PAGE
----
Disposable fashion, no passion

By Sophia Coleman

Too many mornings I wake up and think, “I have nothing to wear.” If you look into my closet, you’d probably think it looks like Urban Outfitters, Forever 21 and Akira had a booze-induced threesome, procreated a few dozen times, and puked all over my wardrobe.

There are sweaters and jeans in every color of the rainbow piled high on wire shelves next to cardigans, blouses and skirts hanging haphazardly or crumpled on the floor.  Garments that were trendy eons ago—flared pants, jean mini skirts, gaucho pants—are stuffed in the back, never to be worn again.

Then there’s the section reserved for all five of my favorite pieces: a mini dress, skinny jeans, a high-waisted skirt, a sheer blouse and an oversized sweater. And guess what: They’re all black.

The truth is, I have plenty to wear. I’m just uninspired and spoiled by a fashion industry that satisfies my “need-to-have-it-now” mentality. I recycle the same few outfits every week even though I have an entire store crammed into my closet. Because I feel I have nothing to wear, I impulsively shop. Trendy, cheaply made items fill a void that isn’t really there, and a few weeks later the cycle


I’m not alone, as most Millennials have grown up never knowing how to truly appreciate quality. The average American buys 68 garments and eight pairs of shoes annually, according to the latest statistics from the American Apparel and Footwear Association. Divide that among four seasons and that’s about 17 pieces and two pairs of shoes each. Besides the shoes, because you can never have enough, doesn’t that seem a little excessive?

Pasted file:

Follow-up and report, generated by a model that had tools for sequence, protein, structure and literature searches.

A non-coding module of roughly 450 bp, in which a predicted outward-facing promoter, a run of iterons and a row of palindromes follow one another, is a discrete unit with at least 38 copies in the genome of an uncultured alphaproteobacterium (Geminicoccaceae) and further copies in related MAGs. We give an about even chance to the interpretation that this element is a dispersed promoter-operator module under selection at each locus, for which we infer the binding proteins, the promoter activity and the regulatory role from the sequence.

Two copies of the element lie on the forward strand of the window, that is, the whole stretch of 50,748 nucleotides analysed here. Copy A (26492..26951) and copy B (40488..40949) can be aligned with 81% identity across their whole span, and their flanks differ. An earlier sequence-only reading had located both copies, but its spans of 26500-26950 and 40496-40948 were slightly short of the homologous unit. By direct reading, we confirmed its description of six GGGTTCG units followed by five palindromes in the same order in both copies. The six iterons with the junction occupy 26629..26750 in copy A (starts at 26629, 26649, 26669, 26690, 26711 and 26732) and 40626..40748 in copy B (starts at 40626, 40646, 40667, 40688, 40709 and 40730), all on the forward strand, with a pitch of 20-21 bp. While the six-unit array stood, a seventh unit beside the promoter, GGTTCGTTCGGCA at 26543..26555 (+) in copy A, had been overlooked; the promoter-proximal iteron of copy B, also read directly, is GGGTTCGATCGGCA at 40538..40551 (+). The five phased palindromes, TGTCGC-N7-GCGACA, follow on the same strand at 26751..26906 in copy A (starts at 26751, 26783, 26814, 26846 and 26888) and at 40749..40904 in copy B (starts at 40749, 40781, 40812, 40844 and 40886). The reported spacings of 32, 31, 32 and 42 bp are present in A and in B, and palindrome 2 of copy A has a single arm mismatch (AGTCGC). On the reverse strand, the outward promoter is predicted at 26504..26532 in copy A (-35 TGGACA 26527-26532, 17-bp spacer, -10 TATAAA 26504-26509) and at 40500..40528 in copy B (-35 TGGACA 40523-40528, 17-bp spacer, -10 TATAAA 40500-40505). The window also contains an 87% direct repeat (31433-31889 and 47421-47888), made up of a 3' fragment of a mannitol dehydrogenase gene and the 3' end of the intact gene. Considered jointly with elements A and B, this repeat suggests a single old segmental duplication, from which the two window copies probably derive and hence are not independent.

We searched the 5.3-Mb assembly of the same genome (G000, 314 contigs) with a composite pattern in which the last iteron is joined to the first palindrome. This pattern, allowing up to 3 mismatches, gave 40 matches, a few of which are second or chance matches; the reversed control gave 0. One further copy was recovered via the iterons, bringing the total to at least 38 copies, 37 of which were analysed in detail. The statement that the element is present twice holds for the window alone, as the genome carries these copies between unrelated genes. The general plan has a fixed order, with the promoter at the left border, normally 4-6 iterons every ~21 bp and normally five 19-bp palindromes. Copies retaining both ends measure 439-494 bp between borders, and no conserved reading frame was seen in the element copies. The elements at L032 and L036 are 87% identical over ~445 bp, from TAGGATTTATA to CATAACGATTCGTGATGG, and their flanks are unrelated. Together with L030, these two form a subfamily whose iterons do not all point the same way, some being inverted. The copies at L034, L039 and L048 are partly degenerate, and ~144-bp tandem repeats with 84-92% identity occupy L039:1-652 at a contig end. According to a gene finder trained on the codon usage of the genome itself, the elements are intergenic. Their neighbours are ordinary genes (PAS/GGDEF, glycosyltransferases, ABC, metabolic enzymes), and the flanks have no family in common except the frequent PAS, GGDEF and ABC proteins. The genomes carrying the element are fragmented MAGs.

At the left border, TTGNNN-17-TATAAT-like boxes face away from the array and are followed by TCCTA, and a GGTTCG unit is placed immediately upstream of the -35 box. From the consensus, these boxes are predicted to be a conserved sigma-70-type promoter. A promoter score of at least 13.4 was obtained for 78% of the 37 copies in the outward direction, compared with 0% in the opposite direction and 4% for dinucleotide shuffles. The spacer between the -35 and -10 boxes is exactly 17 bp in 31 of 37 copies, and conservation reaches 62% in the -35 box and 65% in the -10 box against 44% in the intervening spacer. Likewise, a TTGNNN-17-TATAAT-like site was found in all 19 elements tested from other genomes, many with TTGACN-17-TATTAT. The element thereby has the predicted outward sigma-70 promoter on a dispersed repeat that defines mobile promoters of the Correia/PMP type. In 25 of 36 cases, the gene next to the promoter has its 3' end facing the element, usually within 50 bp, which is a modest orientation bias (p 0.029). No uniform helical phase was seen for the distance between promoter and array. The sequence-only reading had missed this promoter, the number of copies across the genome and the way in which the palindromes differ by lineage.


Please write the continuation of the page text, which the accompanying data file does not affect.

Of course, dressing is more about living in the moment rather than patiently saving up for garments that will last for more than one year. Retailers like H&M, TopShop and Zara now follow a quick response model of production called “fast fashion” that drastically cuts the time from design to consumption. Stores change their floorsets in a matter of weeks, and seasonal trends no longer match up with natural seasons. It’s great because we can wear the same trends seen on the catwalk, but we ultimately get less use out of each purchase. Garments from these retailers sometimes only last a month before there are holes, pilling or twisted seams.

The problem isn’t just the condition of the garments; it’s also the blatant exploitation of low-wage workers in other countries who are forced to meet the high demands of retailers. If consumers continue to be dissatisfied with what they have, it will only get worse.

I’m making it my mission to make better decisions when it comes to shopping. Yes, the inexpensive garments are always tempting, but it would be nice to practice the lost art of planning and building a quality wardrobe.